We agree with the district court that Plaintiffs failed to show the absence of the warning triangles proximately caused the collision. The undisputed facts reveal that November 26, 2001 was a clear day, and both trucks had their emergency hazard lights flashing. Trooper Jason Bandy, the state police officer who responded to the accident, testified that minutes before the accident he drove past the trucks sitting on the exit ramp and he could easily see them. The trucks were pulled off into the exit lane or the exit ramp and not in the main two lanes of eastbound travel on the interstate. Despite clear visibility, the display of hazard lights and the placement of the trucks off the traveled portion of the highway, Morozov inexplicably slammed into the rear of the semi-truck without slowing down and without swerving to avoid it.

Based on these undisputed facts, we agree with the district court that nothing suggests placement of the triangles would have prevented the collision. In other words, absolutely nothing in the record suggests Rosler's failure to put out the warning triangles was the proximate cause of the accident. Because Plaintiffs failed to present any evidence that Defendants caused the accident, an essential element of their claim, the district court correctly granted summary judgment in this case.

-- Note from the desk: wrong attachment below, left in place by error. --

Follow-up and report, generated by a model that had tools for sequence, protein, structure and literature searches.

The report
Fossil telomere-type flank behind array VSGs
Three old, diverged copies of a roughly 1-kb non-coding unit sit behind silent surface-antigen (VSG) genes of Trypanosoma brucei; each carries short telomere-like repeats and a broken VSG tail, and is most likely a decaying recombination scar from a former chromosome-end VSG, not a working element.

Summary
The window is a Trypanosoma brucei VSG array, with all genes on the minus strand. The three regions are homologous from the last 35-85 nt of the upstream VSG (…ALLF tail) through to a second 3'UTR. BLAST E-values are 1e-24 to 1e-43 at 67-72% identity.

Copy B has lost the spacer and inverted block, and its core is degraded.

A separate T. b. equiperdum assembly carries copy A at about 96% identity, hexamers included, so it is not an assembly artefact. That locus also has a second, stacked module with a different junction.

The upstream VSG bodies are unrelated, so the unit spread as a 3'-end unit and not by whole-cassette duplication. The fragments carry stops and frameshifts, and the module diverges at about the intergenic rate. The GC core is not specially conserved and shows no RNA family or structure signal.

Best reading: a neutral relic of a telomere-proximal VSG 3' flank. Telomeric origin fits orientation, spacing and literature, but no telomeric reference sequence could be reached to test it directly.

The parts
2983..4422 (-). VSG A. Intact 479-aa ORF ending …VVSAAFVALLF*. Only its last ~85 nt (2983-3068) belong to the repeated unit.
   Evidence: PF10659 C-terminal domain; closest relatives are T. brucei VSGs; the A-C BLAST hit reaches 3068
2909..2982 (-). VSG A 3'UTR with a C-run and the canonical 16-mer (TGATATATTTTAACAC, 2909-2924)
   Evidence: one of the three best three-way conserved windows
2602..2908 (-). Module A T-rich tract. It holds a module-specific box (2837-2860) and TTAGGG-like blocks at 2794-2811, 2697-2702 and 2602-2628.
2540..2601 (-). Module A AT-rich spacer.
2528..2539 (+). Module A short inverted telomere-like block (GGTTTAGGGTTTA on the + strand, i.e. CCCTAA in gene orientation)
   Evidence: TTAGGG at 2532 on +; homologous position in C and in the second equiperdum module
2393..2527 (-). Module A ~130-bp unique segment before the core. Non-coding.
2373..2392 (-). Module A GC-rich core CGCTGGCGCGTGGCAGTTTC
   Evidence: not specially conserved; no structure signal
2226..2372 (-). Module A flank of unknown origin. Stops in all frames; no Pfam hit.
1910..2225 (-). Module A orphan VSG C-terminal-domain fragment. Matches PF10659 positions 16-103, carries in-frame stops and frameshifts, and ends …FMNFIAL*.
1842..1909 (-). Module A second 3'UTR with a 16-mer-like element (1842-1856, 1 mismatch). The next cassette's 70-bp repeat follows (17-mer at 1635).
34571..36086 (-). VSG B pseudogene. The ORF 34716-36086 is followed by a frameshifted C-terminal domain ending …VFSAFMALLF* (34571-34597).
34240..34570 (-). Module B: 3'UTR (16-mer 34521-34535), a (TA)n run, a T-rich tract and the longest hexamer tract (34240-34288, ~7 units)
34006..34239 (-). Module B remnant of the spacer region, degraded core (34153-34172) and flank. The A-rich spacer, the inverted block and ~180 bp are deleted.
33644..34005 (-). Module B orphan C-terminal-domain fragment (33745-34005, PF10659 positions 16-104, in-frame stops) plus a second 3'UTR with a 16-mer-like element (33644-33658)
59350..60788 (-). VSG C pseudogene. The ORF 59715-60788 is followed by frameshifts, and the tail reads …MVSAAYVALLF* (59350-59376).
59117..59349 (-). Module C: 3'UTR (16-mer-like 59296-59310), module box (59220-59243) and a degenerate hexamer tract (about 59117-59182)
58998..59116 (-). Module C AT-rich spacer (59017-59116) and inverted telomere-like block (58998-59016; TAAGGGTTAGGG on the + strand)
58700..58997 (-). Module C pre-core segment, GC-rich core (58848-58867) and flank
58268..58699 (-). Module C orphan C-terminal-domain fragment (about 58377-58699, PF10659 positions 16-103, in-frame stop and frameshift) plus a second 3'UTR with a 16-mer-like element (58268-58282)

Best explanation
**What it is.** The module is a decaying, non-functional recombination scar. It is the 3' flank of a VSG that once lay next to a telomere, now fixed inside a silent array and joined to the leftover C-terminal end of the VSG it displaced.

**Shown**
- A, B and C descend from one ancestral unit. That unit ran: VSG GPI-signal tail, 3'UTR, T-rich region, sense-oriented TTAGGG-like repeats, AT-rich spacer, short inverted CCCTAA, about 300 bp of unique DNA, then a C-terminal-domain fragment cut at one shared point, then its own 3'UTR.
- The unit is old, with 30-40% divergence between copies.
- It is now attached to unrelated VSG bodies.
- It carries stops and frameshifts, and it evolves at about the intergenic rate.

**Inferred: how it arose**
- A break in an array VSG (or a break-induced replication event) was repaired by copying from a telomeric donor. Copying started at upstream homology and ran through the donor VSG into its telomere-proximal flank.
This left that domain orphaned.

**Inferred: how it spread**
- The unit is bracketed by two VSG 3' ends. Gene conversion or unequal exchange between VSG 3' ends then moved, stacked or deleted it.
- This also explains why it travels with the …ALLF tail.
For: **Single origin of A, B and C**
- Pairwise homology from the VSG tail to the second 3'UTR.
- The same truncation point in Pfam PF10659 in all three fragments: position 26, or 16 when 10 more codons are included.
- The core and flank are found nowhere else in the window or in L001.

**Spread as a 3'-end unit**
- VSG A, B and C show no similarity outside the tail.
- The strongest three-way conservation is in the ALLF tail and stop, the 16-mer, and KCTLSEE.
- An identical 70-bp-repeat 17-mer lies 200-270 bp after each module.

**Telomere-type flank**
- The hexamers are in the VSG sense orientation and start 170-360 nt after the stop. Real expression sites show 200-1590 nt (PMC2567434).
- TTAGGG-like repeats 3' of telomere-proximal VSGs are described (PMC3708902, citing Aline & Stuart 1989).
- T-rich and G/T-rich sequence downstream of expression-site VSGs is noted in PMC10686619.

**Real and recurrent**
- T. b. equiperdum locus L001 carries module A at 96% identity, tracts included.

Entered for the Court,

Bobby R. Baldock

United States Circuit Judge

Click footnote number to return to corresponding location in the text.

*. This order and judgment is not binding precedent except under the doctrines of law of the case, res judicata, and collateral estoppel. It may be cited, however, for its persuasive value consistent with Fed. R. App. P. 32.1 and 10th Cir. R. 32.1.

1. The parties disagree about whether Washington or Colorado law applies as to the rules of recovery, including whether Colorado's wrongful death statute prohibits multiple wrongful death actions and whether punitive damages are available to Plaintiffs. We need not reach these issues in light of our conclusion that Plaintiffs failed to present sufficient evidence of proximate cause.

2. In addition to this ruling, the district court decided Colo. Rev. Stat. § 13-21-203 barred Plaintiffs from bringing a second wrongful death action in Colorado as they already brought a similar action in Washington. Additionally, the district court broadly read the "Release," signed by Bugaychuk's heirs when they settled with Budget Van Rental's insurance company, to bar all subsequent claims for recovery for Bugaychuk's death. Like the issues surrounding the parties' disagreement over the rules of recovery, see supra n.1, we need not reach these issues because we agree with the district court's proximate cause analysis.